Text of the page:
Women are known to have stronger prosocial preferences than men, but it remains an open question as to how these behavioural differences arise from differences in brain functioning. Here, we provide a neurobiological account for the hypothesized gender difference. In a pharmacological study and an independent neuroimaging study, we tested the hypothesis that the neural reward system encodes the value of sharing money with others more strongly in women than in men. In the pharmacological study, we reduced receptor type-specific actions of dopamine, a neurotransmitter related to reward processing, which resulted in more selfish decisions in women and more prosocial decisions in men. Converging findings from an independent neuroimaging study revealed gender-related activity in neural reward circuits during prosocial decisions. Thus, the neural reward system appears to be more sensitive to prosocial rewards in women than in men, providing a neurobiological account for why women often behave more prosocially than men.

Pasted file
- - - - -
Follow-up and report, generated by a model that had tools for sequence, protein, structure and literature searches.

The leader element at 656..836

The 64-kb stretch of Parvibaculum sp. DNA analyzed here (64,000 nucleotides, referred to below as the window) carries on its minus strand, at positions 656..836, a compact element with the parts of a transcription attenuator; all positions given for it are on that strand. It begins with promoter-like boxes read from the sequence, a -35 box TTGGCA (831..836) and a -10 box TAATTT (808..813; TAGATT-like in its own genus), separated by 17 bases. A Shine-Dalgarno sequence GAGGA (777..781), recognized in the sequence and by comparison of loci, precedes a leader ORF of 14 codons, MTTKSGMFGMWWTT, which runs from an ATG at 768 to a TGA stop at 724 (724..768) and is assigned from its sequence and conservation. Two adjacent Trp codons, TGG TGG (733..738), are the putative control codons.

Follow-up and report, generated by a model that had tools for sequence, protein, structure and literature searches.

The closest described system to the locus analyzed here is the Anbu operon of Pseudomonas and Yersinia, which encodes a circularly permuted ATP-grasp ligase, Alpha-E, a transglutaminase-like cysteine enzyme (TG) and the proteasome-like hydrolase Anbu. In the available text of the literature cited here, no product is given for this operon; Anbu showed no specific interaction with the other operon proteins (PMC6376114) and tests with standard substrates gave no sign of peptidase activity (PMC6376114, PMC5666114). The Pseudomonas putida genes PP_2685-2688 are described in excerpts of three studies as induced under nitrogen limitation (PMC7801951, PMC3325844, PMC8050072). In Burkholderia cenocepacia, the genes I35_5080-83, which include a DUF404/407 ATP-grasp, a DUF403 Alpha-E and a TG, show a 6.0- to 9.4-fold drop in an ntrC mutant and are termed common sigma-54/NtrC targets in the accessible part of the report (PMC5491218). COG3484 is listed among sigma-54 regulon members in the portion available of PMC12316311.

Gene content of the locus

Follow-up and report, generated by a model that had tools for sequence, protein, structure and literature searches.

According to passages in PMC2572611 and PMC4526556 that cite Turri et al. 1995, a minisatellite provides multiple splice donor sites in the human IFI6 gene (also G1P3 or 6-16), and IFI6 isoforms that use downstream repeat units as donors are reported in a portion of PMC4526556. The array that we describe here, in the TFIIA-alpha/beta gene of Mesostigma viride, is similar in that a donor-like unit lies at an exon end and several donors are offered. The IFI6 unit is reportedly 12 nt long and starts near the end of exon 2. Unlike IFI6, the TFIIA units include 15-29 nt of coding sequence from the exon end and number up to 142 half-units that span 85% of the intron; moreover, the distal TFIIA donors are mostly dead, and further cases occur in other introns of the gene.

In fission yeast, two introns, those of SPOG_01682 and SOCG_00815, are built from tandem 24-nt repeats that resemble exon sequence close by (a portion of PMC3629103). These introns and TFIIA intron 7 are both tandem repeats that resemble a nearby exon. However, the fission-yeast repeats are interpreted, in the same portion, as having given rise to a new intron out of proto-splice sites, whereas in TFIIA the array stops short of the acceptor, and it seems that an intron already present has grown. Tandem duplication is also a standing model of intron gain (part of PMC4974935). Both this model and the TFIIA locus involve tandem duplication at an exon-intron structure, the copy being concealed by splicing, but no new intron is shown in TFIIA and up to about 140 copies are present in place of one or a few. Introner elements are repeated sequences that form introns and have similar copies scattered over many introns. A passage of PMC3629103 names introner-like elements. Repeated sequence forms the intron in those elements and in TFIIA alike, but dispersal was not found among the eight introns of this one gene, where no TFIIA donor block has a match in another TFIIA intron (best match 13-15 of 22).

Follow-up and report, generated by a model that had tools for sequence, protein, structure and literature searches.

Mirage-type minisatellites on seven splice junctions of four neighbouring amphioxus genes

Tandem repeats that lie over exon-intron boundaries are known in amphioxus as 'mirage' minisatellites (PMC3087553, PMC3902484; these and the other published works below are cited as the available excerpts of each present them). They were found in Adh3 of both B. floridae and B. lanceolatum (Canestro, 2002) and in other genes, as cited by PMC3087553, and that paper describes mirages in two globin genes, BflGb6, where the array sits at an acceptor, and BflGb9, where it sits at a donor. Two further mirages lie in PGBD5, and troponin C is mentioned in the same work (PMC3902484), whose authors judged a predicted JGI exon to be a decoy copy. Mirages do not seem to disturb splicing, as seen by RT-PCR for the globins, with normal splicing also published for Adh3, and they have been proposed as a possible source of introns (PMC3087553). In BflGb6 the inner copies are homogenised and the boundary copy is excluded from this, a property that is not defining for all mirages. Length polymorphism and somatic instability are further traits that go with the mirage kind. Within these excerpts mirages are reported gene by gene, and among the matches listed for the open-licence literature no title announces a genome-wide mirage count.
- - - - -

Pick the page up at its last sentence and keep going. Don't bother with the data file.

A large body of evidence suggests that women are often more prosocial (for example, generous, altruistic and inequality averse) than men, at least when other factors such as reputation and strategic considerations are excluded1,2,3. This dissociation could result from cultural expectations and gender stereotypes, because in Western societies women are more strongly expected to be prosocial4,5,6 and sensitive to variations in social context than men1. It remains an open question, however, whether and how on a neurobiological level the social preferences of women and men arise from differences in brain functioning. The assumption of gender differences in social preferences predicts that the neural reward system’s sensitivity to prosocial and selfish rewards should differ between women and men. Specifically, the hypothesis would be that the neural reward system is more sensitive to prosocial than selfish rewards in women and more sensitive to selfish than prosocial rewards in men. The goal of the current study was to test in two independent experiments for the hypothesized gender differences on both a pharmacological and a haemodynamic level. In particular, we examined the functions of the neurotransmitter dopamine using a dopamine receptor antagonist, and the role of the striatum (a brain region strongly innervated by dopamine neurons) during social decision-making in women and men using neuroimaging.